Freedom of Speech and City Regulation: Signs of the Times
With all the discussion surrounding the “take a knee” protests at the NFL recently, there have been a lot of references to the First Amendment right to freedom of speech. However, the First Amendment is not implicated by these protests; and, in my experience, people are quick to proclaim First Amendment protection in many situations where the protection does not actually apply. You see, the First Amendment does not mean that you can say, without consequence, whatever you want, whenever and wherever you want; it means that the government may not regulate your speech without attempting to advance a compelling governmental interest in doing so. Where no government regulation is involved, the First Amendment is generally inapplicable.
While the First Amendment is not involved in the football arena, there is another arena where the First Amendment has been making forward progress: sign regulation. I know, I know, I just pulled a bait-and-switch, but at least I gave you a football pun. Seriously though, the United States Supreme Court has recently made a sweeping change to the regulation of signs. But first, a season recap:
In the early days of sign regulation, signs were primarily viewed as a mere use of a person’s property, and governmental entities (we’ll use Cities because they do the Detroit Lion’s share of sign regulation) only had to justify their sign regulations with health and safety concerns. Incidentally, billboards are the most heavily regulated type of sign, so perhaps it would be helpful to imagine billboards for the remainder of this article. Early sign regulation ordinances often recited findings such as that signs posed traffic hazards, either because drivers were distracted while reading them or because the signposts themselves were collision hazards. Other common findings were that children are attracted to signs to play on and potentially get hurt, which finding likely proliferated after the airing of a particular episode of “Leave it to Beaver” in which The Beaver climbs into a giant soup bowl on a billboard and gets trapped. Some ordinances even claimed that highway bandits would lurk behind signs and ambush commuters.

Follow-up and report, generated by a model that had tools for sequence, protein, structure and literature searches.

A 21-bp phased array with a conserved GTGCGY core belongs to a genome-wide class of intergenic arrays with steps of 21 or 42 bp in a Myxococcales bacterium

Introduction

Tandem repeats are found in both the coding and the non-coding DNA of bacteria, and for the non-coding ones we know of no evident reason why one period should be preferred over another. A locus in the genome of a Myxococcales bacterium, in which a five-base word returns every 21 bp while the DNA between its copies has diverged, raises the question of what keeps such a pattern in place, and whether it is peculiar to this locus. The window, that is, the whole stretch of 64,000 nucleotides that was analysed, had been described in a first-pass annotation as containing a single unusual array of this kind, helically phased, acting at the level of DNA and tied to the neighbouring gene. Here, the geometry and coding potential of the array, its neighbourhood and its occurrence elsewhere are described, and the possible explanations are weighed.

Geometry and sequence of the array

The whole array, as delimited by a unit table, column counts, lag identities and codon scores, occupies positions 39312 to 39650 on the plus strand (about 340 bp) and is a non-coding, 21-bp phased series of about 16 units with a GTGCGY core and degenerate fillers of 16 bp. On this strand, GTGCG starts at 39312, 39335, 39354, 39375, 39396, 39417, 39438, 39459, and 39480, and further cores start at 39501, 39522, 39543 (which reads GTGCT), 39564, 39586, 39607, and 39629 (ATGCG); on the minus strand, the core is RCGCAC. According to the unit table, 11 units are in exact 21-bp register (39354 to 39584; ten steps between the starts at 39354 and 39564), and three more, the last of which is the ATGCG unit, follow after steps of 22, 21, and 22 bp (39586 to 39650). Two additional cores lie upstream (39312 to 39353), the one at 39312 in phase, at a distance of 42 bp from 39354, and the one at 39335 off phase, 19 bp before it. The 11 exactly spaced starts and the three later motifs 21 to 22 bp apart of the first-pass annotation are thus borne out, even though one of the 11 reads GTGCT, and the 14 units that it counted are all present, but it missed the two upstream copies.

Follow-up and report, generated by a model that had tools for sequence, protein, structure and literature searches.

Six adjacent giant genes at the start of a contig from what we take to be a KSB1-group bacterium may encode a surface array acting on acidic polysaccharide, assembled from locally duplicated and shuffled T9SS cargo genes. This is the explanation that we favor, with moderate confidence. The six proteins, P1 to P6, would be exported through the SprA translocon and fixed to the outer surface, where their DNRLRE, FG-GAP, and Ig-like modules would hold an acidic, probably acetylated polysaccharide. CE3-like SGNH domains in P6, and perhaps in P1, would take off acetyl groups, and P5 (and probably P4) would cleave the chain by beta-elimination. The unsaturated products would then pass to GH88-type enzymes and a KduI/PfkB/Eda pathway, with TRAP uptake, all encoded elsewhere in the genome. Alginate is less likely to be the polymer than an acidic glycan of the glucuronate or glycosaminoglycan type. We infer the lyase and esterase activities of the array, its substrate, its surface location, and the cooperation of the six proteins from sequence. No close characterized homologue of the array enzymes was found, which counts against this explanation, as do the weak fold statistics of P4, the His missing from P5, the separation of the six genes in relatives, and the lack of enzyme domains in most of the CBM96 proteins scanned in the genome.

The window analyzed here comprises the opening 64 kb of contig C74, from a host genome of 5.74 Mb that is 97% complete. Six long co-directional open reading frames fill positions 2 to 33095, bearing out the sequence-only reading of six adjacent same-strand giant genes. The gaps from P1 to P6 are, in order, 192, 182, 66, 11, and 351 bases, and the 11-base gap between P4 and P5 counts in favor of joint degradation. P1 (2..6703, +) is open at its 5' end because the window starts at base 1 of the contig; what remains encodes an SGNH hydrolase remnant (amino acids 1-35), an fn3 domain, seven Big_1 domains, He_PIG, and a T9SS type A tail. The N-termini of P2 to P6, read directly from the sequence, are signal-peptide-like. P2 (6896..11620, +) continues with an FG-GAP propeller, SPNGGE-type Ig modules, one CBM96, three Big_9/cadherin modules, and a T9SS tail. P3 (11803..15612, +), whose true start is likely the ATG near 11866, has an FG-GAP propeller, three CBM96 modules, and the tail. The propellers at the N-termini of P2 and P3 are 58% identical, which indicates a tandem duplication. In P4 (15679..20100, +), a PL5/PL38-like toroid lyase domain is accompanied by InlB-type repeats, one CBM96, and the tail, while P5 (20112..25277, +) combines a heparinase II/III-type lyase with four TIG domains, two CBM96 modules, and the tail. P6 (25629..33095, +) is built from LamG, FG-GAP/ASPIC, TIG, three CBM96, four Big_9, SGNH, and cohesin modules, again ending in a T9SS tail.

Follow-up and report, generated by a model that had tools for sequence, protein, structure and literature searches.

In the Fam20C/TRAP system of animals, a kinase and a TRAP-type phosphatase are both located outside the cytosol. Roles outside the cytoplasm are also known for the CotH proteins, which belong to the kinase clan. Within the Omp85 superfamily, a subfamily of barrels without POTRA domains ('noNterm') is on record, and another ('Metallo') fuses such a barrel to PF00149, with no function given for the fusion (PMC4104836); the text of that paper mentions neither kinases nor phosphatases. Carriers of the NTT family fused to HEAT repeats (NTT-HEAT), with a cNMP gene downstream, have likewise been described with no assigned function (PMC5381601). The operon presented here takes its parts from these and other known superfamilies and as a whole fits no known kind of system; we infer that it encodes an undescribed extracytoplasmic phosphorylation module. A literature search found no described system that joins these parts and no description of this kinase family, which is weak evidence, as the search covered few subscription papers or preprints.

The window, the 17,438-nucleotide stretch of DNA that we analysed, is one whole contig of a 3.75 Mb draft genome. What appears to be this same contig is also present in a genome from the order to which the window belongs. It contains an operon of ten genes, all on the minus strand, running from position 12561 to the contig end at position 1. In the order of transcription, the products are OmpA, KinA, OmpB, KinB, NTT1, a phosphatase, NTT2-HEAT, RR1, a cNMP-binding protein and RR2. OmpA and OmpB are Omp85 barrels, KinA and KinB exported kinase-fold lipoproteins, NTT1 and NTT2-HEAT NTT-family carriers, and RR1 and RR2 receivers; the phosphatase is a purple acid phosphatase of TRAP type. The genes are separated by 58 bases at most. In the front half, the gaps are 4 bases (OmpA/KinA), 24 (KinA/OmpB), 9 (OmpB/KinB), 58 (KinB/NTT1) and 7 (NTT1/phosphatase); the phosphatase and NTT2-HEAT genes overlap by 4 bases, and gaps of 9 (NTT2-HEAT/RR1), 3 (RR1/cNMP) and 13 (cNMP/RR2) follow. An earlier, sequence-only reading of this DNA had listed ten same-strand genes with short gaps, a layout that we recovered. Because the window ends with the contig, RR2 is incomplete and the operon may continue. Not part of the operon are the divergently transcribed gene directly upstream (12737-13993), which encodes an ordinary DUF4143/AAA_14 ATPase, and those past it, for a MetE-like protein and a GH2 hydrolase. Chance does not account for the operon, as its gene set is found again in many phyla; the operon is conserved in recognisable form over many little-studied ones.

Billboards as Legal Signposts
Eventually, esthetics were upheld as a proper basis for sign regulation, and ordinances soon began regulating things such as size and shape without having to tie those regulations to some sort of threat to health or safety. Under these somewhat lenient justifications for regulating land use, cities had a sign regulation heyday until an outdoor advertising company sued the City of San Diego over their sign regulations, claiming that their First Amendment rights were being violated. In the landmark decision of Metromedia, Inc. v. City of San Diego, the United States Supreme Court differentiated commercial speech from noncommercial speech, and determined that the former could be regulated more strictly than the latter. In short, the City of San Diego generally permitted only “on-premise” signs, which were essentially commercial signs advertising goods or services available on the property where the sign is located. Non-commercial signs and commercial signs advertising “off-premise” goods and services were generally prohibited. The Supreme Court held that commercial speech could be limited to “on-premise,” but that non-commercial speech could not. After Metromedia, cities had to be much more careful about the type of speech they were regulating, and the justifications therefor. A sort of mantra evolved that “time, place, and manner” regulations were generally permissible, but that “content-based” regulations had to be justified under the scrutiny required under the First Amendment. Because the degree of regulation varied with the type of speech, such as the commercial versus non-commercial distinction made in Metromedia, it was generally understood that the category or type of speech could be regulated without the regulation being considered “content-based.” This was the sign regulation playbook for many seasons until just recently, when a figurative flag was thrown on a field in the Town of Gilbert, Arizona.